BUILDING A BACKYARD POWERPLANT


| March/April 1981



108 Garfield Avenue, Madison, New Jersey 07940

One of the first things that I do when my copy of 'The Iron-Men Album' arrives is to read Soot in the Flues. In that way I get a good idea of just what it is that the readers are thinking about. Almost every issue in the past year or so has had letters that deal directly or indirectly with the reader's concern with the high cost of things and usually end up with, 'Why can't we..........'

Well, usually there is a good reason. A specific case in point was a letter from David W. Jones (IMA November, 1980, pg. 12) on small power generators in the energy crisis.

I've put together a piece that should answer that and allied questions.

Skyrocketing prices of everything we buy only serves to increase our frustration as we cast about for ways to stop the flow of our money. As ardent steam engine enthusiasts it is only natural that we look to our hobby for answers. All of us have given at least a little thought as to how we might generate our own electric power. There is that old 6 horsepower Case that has seen many shows but could it be put to use in making the lights burn in the house? Let's take a look at what is involved and see if we really could save some money.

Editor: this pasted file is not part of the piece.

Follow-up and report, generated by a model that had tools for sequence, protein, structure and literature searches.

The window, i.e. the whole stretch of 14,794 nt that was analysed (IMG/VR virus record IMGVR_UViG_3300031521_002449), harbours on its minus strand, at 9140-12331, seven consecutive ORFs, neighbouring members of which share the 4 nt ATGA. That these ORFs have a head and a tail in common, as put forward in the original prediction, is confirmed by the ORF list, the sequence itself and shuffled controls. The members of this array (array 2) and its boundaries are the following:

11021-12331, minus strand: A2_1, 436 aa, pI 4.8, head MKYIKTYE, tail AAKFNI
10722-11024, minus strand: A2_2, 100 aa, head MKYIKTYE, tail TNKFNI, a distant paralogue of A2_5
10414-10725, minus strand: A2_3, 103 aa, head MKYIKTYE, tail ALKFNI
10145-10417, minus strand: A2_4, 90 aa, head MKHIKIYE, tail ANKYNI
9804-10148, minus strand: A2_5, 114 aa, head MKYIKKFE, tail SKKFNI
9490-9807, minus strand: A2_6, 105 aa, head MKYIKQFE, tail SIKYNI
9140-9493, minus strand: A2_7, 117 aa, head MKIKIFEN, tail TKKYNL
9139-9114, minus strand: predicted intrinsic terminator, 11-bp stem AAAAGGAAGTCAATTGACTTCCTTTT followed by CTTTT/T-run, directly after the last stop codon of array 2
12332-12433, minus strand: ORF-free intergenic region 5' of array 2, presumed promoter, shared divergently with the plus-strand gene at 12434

Naturally, in doing such a general inquiry as this is going to be, there have to be some assumptions made. We can start out by assuming that we have a traction engine boiler and a reciprocating steam engine to drive an electric generator. Maybe we will have to buy a second-hand generator but then that would be something to tinker with. And, if we are careful, our nose shouldn't light up if we get the wires crossed. We will need fuel and quite a bit of it. That is going to be a key item so we had better think about that quite thoroughly. There is the wood lot up on the hill. But maybe we had better figure on coal. Government 'experts' down in Foggy Bottom say that a good grade of eastern low sulfur steam coal is going to cost around $42.25 in the year 1985. That is a good starting point. Since it is a good coal it should have about 13,000 Btu per pound.